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Let $p(z)$ and $q(z)$ be relatively prime polynomials with complex co-efficients so that $deg(q(z))\ge deg(p(z))+2$ and let $f(z)=p(z)/q(z)$. We need to show that the sum of residues of $f(z)$ over all poles is $0$

Well, I tried like this:

by Residue theorem: If $f$ is analytic in a domain except for isolated singularities at $a_1,\dots a_k$ then for any closed contour $\gamma\in D$ on which none of the points $a_k$ lie, we have $$\frac{1}{2\pi i}\int_{\gamma}f(z)dz=\sum_{1}^{k}n(\gamma;a_k)Res[f(z);a_k]$$

as $p$ and $q$ are relatively prime to each other we have $r,s$ such that $p(z)r(z)+q(z)s(z)=1$

$$\frac{1}{2\pi i}\int_{\gamma}f(z)dz=\sum_{1}^{k}Res[f(z);a_k ]$$

$$\frac{1}{2\pi i}\int_{\gamma}\frac{p(z)}{q(z)}dz=\sum_{1}^{k}n(\gamma;a_k)Res[f(z);a_k]$$

Now, I am confused where to use the given facts, should I replacing $p(z)$ from the relatively prime condition? and how to implement the given degree condition? thank you for help

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1 Answer 1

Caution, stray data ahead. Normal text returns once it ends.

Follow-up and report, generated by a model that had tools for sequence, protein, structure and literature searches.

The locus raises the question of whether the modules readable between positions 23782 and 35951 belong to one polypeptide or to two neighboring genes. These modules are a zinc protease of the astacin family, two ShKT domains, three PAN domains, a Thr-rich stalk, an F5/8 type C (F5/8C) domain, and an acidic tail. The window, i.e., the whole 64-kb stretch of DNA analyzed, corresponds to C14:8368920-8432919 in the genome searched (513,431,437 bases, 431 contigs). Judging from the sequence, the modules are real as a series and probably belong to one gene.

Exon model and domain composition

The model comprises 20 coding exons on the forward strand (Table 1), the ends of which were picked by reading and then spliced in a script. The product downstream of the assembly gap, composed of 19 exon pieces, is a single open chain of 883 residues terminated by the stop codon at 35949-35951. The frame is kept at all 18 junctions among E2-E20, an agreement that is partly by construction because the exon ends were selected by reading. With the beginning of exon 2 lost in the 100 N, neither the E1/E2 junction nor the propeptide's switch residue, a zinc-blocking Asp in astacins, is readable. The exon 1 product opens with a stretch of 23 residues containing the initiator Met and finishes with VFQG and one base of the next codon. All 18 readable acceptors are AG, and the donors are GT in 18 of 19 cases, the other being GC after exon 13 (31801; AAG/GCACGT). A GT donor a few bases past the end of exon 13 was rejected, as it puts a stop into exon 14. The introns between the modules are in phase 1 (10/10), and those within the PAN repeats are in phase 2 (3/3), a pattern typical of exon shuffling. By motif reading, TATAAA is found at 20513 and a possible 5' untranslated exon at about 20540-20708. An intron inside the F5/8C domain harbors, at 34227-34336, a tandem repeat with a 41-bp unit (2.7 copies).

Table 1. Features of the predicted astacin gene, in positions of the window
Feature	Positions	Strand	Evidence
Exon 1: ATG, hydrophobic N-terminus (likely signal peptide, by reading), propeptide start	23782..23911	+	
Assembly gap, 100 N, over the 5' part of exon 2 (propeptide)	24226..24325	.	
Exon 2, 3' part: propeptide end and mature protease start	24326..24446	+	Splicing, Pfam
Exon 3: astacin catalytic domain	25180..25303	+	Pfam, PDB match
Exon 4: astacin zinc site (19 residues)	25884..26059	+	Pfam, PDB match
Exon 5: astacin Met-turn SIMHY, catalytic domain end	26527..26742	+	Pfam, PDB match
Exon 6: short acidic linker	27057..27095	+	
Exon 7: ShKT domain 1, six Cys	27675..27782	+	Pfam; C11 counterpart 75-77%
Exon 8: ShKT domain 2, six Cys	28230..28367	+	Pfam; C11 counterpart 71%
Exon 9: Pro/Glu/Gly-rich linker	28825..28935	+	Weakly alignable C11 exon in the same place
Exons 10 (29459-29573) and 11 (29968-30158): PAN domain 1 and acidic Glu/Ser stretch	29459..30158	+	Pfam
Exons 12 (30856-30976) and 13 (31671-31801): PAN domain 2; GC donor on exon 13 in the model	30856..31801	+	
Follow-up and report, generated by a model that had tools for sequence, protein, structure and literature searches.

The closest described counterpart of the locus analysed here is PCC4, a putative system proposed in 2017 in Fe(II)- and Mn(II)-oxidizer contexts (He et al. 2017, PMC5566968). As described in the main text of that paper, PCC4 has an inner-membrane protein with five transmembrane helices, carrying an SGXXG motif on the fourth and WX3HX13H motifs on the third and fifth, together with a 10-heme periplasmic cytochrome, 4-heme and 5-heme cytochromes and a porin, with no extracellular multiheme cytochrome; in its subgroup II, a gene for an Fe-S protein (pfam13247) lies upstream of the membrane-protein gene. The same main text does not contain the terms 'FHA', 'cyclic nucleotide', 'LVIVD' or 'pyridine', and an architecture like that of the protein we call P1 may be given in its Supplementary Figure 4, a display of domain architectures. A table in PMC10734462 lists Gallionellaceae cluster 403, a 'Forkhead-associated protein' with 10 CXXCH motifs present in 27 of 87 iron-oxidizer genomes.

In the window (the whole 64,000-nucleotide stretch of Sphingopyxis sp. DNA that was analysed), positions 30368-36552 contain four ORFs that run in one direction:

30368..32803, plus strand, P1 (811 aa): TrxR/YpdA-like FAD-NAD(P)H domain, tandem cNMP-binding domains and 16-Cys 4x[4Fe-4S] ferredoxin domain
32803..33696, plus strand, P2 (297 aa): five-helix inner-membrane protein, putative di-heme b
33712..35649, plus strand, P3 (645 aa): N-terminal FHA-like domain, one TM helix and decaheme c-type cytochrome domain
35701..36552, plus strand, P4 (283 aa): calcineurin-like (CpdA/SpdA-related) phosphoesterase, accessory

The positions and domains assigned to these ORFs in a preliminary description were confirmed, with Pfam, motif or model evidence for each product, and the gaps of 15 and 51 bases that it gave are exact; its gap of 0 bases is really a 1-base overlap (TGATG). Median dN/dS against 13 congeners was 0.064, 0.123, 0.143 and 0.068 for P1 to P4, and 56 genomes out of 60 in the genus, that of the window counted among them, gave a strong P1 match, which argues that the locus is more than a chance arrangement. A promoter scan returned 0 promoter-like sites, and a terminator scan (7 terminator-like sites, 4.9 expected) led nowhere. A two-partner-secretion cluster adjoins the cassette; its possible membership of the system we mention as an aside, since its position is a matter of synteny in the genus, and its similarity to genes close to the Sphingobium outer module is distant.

up vote 4 down vote accepted

Hint: Let the contour be a circle of radius $R$ (large enough to contain all the poles). Let $R\to\infty$. What happens to the integral?

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Indeed. The “relatively prime” condition is a red herring. –  Harald Hanche-Olsen Jul 7 '12 at 19:56
    
An alternative way would be to "invert" that large circle, and show that the degree condition implies that the substitution $w=1/z$ won't introduce a pole at $w=0$. –  Jyrki Lahtonen Jul 7 '12 at 19:59
    
Ok let informally, $p(z)=z$ and $q(z)=z^3+1$, then $\int_{|z|=R}\frac{z}{z^3+1}= \int_{|\omega|=1/R}\frac{\omega^2}{\omega^3+1}$ and you want to say as it has no poles at $0$ so the integration must be $0$ as it is analytic with in $|\omega|=1/R$ as $r\rightarrow\infty$? –  El Angel Exterminador Jul 7 '12 at 20:11
    
sorry not $r$, $R$ –  El Angel Exterminador Jul 7 '12 at 20:16
    
With $z=1/w,\,dz=-(1/w^2)dw$ I got (observe that the orientation of the circle gets flipped - absorb that with the minus sign) $$\int_{C(0,R)}\frac{z}{z^3+1}\,dz=\int_{C(0,1/R)}\frac{1}{w^3+1}\,dw.$$ If $R>1$ there are no poles inside, so yeah. But notice the difference if you try to do the same with $p(z)=z^2$, $q(z)=z^3+1$! –  Jyrki Lahtonen Jul 7 '12 at 20:21

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